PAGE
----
Portland VA center pilots personal health portal
- By Brian Robinson
- Nov 14, 2005
Making an appointment with a doctor or refilling prescriptions might not seem like big deals. And they certainly don't seem to be the kind of actions for which a computer and online connection would make a major difference. But Vietnam War veteran Roger Sample begs to differ.
A recent enrollee in a Department of Veterans Affairs My HealtheVet
pilot program at the Portland VA Medical Center (PVMC) in Oregon, Sample said online access to medical professionals and health records can make a phenomenal difference in the daily life of a patient.
Before the online access, Sample said, you'd have to start the process with a phone call, which often meant going through an answering machine and then waiting for someone to get back to you. And if you wanted to see your health records, you'd have to request paper copies, which could take weeks. "The only ones who did that were the people who really needed them," he said.
"The difference now is like night and day," Sample said. "You can see all of your appointments on the screen, both past and active. And if you can't remember what your prescriptions are, it doesn't matter because you can get to see all of them with just a mouse click or two."
The VA announced the creation of My HealtheVet in November 2003 as a one-stop Web portal through which veterans could get current information about health benefits, use online tools to assess their health status, request prescription refills, make appointments and build personal health logs.
The national release of My HealtheVet is currently under way. Portland is one of nine sites nationwide where the VA is demonstrating the system to show that it can provide veterans with safe, secure and private electronic health records along with the other functions. Portland is conducting two tests, one to provide veterans with Internet access to their medical records and another to provide an online prescription refill service.
Health providers at the medical center were initially fearful that My HealtheVet would open a Pandora's box.
"They thought if veterans had easy access to their records, they could misinterpret the information and panic, where in fact, it might be just a minor lab result abnormality," said David Douglas, PVMC's chief information officer. "They also thought patients would read what doctors had written about them and be offended in some way. So there was a lot of fear on the part of quite a few of the staff."
More is better
Despite the concerns, only a few veterans have complained about minor discrepancies in their records, Douglas said. And the success of the test programs has confirmed his belief that making veterans more informed helps them and their health providers.
For example, if a veteran with diabetes comes to PVMC and receives treatment instructions from a doctor, the veteran must remember everything the doctor said. The veteran must keep track of his blood sugar levels and know where for additional information.
Now veterans with diabetes can simply log on to the My HealtheVet Web site and see what a doctor said about treatments, and they can keep track of blood sugar levels with online logs, said Rod Langer, an information technology project manager at PVMC.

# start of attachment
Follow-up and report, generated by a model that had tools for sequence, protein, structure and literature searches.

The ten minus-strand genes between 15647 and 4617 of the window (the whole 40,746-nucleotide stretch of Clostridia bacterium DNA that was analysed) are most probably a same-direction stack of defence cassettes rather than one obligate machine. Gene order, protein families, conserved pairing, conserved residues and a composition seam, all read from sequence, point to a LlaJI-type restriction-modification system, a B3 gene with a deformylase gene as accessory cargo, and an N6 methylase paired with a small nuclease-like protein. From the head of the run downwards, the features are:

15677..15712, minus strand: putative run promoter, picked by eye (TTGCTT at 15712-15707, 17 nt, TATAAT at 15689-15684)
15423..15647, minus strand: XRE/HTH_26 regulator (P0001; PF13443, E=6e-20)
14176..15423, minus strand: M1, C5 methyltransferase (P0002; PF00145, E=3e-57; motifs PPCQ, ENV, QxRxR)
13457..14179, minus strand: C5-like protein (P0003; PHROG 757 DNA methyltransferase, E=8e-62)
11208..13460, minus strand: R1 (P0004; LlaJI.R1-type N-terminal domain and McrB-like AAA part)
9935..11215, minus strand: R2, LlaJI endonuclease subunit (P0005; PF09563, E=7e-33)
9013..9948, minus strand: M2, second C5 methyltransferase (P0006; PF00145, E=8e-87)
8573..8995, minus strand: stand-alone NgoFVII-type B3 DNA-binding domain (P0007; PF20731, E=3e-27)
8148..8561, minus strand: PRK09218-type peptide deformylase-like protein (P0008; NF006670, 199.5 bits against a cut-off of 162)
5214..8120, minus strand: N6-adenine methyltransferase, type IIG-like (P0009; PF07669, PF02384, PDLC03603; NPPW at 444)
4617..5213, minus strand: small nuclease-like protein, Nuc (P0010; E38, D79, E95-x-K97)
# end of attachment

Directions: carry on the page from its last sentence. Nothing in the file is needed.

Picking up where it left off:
"In Portland, our diabetes clinic staff can also go online to track what the vet's blood sugar is, and if they see something that looks wrong, they can make an appointment to bring the vet in to take a look at him," he said.
The simplicity of My HealtheVet's prescription refill service belies the complexity of the information available, said Sample, who works in PVMC's IT department. If you have only one or two prescriptions, refills are easy. But many patients at PVMC take a dozen or more medications.
"Having all of the prescriptions they need to remember right up there on the screen and also knowing when each of them needs to be refilled is huge for those patients," he said.
Sample said he considers the Portland test programs to be indicative of health care's future. "Historically, Americans have been trained to accept that what their physician says is gospel," he said. "These information sources people can access through My HealtheVet enable patients to be more aware and to be much more involved in their own care."
Studies show that when patients are involved in their own health care, they take a more proactive approach to treatment plans, Langer said.
PVMC has been successful in recruiting veterans to use the program. By early July, it had enrolled more than 1,000 veterans for the pilot program, compared with about 3,200 at the other eight HealtheVet sites combined. The center uses its Web site to inform veterans about the program, has posted signs in its lobby and is mailing thousands of letters to veterans about how to enroll.
PVMC expects 5,000 veterans, or about 10 percent of its total patient population, to enroll by the end of December.
The enrollment process shows how computer savvy and ready veterans are for this kind of program. In the beginning, the center expected a slow response and set up training programs using a classroom with 16 computers.
But every class sold out. Center officials also found that many patients were so proficient they didn't need basic training, so PVMC instead expanded the online help section to assist people with the enrollment process.
"We decided it was in our best business interests to do all of this," Douglas said. "Not only does it mean veterans are more informed consumers of health care if they have access to their records, it also means there will be fewer veterans coming to the office over time."
Brian Robinson is a freelance writer based in Portland, Ore.